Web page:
True enough, the court-ordered settlement which forbids citizens from bringing up their concerns about Islam is clearly printed for anyone to see.  The free discussion of ideas, even if they are critical or controversial, is one of the fundamentals of American liberty.  After all, the First Amendment wouldn’t be necessary at all if everyone shared identical opinions. Protecting the right to hold views with which some group — or the government — disagrees  is the very reason speech protections exist in the first place.

It is hard to imagine the Founding Fathers forbidding the open debate of a specific topic.

Hopefully, freedom of speech will prevail… or our country may have deeper problems than we realize. 

Please share this article on Facebook if you believe that free speech is an unalienable right!



To Whom Your Children Belong...

{A 2007 article originally intended for publication on the Patriot.eponym site.  Joyce Rosenwald suffered a stroke a year or so ago and backed out of her public life. Till then she performed extraordinary legal research, and I so admire her for her contributions to our knowledge and insight. She first told me about intervention and how to get federal courts to intervene in state matters and force the A.G. to declare whether a state law comports with the US constitution. Well, Joyce wrote a lot about the issue of children and to whom they belong. You will find her research and conclusions shocking.}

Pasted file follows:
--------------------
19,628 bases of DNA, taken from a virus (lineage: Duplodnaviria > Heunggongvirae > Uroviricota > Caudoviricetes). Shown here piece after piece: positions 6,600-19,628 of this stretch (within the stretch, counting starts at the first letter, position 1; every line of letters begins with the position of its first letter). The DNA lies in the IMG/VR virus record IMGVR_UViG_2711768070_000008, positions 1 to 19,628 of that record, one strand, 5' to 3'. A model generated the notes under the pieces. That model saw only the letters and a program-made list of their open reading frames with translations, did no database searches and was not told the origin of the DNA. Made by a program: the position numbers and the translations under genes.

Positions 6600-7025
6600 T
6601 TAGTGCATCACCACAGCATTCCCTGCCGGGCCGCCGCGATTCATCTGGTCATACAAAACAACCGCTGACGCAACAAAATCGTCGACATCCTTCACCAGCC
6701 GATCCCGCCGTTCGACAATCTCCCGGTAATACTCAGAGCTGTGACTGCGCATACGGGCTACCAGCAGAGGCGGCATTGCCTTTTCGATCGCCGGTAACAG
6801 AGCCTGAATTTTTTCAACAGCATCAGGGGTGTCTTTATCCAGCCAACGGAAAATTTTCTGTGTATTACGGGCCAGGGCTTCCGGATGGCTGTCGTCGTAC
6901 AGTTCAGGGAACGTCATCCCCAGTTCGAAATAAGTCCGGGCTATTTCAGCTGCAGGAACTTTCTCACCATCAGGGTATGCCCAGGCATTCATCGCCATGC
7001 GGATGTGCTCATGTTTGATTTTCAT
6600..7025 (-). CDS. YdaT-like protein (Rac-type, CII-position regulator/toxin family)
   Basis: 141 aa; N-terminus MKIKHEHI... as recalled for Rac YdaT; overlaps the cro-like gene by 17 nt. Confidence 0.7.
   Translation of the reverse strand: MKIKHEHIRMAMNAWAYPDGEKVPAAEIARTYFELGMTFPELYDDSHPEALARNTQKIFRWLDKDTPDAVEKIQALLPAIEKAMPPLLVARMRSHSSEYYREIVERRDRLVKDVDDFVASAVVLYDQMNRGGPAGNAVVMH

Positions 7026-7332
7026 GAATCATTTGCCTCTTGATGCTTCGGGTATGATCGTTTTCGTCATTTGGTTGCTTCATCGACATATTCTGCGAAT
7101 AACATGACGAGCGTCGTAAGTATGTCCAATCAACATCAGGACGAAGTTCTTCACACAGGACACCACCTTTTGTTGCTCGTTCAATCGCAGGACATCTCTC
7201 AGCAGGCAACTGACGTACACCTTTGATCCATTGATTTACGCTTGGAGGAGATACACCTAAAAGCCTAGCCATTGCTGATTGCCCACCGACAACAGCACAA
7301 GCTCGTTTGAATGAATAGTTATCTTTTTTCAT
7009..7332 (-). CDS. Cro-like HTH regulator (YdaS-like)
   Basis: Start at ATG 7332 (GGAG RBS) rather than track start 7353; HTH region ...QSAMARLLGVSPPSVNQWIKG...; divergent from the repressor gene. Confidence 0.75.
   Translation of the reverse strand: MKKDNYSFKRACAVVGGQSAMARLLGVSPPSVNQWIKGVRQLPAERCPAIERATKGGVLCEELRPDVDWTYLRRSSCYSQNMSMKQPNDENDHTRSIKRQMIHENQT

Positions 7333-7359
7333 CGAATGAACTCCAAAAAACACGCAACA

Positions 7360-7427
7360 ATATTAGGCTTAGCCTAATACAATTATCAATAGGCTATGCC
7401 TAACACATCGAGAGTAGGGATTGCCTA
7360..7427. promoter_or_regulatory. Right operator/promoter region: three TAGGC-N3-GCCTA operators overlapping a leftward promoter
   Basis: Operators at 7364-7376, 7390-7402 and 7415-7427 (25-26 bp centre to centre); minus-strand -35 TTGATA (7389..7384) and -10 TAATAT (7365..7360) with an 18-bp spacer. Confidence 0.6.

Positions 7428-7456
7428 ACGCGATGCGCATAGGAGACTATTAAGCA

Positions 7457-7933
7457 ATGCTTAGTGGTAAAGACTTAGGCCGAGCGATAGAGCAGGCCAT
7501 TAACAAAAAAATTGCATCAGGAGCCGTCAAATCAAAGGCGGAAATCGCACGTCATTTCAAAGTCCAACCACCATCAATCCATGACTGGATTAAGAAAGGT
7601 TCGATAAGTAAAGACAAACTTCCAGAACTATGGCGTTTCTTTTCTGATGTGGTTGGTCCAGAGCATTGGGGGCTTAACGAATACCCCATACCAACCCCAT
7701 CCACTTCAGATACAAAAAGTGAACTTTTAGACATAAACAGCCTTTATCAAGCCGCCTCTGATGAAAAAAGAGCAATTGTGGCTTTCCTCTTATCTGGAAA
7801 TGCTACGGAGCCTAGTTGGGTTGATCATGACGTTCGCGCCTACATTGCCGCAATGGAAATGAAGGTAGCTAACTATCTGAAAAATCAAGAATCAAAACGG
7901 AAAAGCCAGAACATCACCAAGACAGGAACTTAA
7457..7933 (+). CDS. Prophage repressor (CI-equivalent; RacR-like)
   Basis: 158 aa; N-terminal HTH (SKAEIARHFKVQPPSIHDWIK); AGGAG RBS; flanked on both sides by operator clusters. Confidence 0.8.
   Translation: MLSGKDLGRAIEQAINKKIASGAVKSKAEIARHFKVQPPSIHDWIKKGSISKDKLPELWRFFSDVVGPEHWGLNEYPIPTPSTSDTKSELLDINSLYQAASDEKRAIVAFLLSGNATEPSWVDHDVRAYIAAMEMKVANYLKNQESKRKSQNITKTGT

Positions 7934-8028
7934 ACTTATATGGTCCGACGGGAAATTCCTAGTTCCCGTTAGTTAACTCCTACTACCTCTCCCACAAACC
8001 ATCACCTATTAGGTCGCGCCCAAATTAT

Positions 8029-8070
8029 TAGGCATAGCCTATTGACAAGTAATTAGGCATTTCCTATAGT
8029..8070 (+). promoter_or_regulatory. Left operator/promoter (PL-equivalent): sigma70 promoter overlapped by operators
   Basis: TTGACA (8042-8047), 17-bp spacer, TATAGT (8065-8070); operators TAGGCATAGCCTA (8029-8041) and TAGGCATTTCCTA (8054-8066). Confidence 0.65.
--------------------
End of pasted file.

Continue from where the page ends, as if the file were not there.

The Idaho Observer by Joyce Rosenwald

People from each colony fought in the Great War to enable the colony to become a Sovereign Nation State. These States then created a new state, designed to exclusively serve the several Sovereign Nation States. Under this concept the nation of States united was born. Every sovereign Nation State joining the Union had a Constitution. The newly created state received one as well. It was written by the people of the several states and was titled "The constitution for The united States of America." This new state was "delegated" 17 authorities by the several states. The people never intended that it should over step it's delegated authorities.